9. Laboratory investigations: The European Consensus held in 2011 recommends the free androgen index (FAI) and prolactin levels as screening tests. The FAI is the relationship between total testosterone and sex hormone-binding globulin (SHBG) [total testosterone (nmol/L)/SHBG (nmol/L) × 100]. FAI of 5 or greater is indicative of polycystic ovary syndrome. The use of hormonal contraceptives causes alterations in SHBG levels. Therefore, laboratory tests should only be carried out after a hormonal contraceptive pause of at least 2 months. Thyroid function should be evaluated as thyroid dysfunctions may contribute to the effluvium associated with FPHL [Figure 6].[32]
Figure 4: Trichoscopy of FPHL showing peripilar sign (black circle), yellow dots (red arrow), focal atrichia (white square), single hairs and honeycomb pigmentation in the background. Presence of hair of various diameters indicates increased hair diameter diversity

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Figure 5: Rakowska's criteria for the diagnosis of FPHL on basis of dermoscopic findings

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Figure 6: Biochemical evaluation to be done in a patient of FPHL

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Treatment

Treatment options for FPHL can be classified as “topical” or “systemic.”

  1. Topical therapy:


    1. Minoxidil: It is a piperidinopyrimidine derivative and potent vasodilator. It is a pro-drug that is converted to its active form, minoxidil sulfate, by sulfotransferase enzymes in the outer root sheath of hair. Minoxidil 2% twice daily was approved by the FDA in 1991 for FPHL and a 5% minoxidil foam once daily was approved in 2014.[33] For FPHL, a randomized trial showed that the 5% minoxidil foam once daily was similar in efficacy to the 2% minoxidil solution twice daily for the treatment of female AGA.[34] Minoxidil is a potassium channel opener and stimulates hair growth by increasing the anagen phase of the hair cycle. It enhances angiogenesis around the follicle but the exact mechanisms are currently unknown.[35],[36] The topical minoxidil 2% solution should be applied only to the affected area of the scalp at 1 mL twice daily (once daily for the minoxidil 5% foam) for a minimum period of 12 months before determining the efficacy. Side effects include allergic or irritant contact dermatitis mostly due to vehicle propylene glycol, hypertrichosis of the forehead or face [17]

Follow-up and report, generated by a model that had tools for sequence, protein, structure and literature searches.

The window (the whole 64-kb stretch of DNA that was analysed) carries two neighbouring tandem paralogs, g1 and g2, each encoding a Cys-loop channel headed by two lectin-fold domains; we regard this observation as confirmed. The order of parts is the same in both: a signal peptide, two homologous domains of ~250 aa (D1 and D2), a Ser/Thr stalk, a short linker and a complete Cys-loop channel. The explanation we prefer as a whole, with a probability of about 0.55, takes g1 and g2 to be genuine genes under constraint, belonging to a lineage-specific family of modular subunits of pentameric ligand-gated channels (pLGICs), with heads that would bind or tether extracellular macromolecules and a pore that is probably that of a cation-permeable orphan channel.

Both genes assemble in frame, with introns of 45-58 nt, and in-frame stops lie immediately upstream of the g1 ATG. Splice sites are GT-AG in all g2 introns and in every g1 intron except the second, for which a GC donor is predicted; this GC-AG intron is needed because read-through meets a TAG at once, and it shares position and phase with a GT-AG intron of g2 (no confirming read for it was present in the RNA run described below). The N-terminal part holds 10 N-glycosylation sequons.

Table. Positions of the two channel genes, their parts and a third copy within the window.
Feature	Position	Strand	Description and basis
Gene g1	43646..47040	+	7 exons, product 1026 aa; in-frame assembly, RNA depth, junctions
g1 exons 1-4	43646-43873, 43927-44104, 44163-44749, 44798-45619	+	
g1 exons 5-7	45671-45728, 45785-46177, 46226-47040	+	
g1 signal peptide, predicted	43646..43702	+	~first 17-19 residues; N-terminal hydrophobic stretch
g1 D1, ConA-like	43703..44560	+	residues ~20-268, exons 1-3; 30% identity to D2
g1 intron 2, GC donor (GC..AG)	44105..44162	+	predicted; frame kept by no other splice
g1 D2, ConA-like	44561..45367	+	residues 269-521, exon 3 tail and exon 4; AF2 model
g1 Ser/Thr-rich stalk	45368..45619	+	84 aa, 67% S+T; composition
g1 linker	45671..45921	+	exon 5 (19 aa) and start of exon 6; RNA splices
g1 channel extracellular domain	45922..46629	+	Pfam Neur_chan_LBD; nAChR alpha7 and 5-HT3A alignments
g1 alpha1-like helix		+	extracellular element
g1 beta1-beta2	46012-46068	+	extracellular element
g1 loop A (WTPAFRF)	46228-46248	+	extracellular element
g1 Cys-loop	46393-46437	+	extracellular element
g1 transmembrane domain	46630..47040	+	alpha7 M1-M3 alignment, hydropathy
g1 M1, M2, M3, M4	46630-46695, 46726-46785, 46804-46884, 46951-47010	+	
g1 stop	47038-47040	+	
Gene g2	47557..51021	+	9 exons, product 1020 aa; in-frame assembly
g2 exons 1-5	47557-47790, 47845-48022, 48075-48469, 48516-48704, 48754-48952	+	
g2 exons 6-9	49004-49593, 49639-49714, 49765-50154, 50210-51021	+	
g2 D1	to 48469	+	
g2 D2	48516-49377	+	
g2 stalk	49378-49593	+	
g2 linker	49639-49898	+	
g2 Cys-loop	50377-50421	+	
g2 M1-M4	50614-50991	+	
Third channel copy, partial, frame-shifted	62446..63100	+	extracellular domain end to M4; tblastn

2. Prostaglandin analogs: Among the prostaglandins, the PG-F2 analogs latanoprost and bimatoprost are known to stimulate hair growth by prolonging the anagen phase.[37] In a study conducted in men with AGA, 0.1% latanoprost significantly increased hair density and pigmentation at 24 weeks compared with baseline and compared with the placebo-treated site. Other studies have revealed that an increased PG-D2 level is correlated with the miniaturization of hair follicles and its topical application inhibited hair growth.[38] Recent research studies focus on drugs that are able to block the PG-D2 receptor (GPR44). Setipiprant (KITH-105) is an orally administered GPR44 receptor inhibitor which may be helpful [39]
    3. Ketoconazole: It has an anti-inflammatory property and also acts as the androgen-receptor antagonist which may explain the efficacy of topical ketoconazole in AGA [40],[41]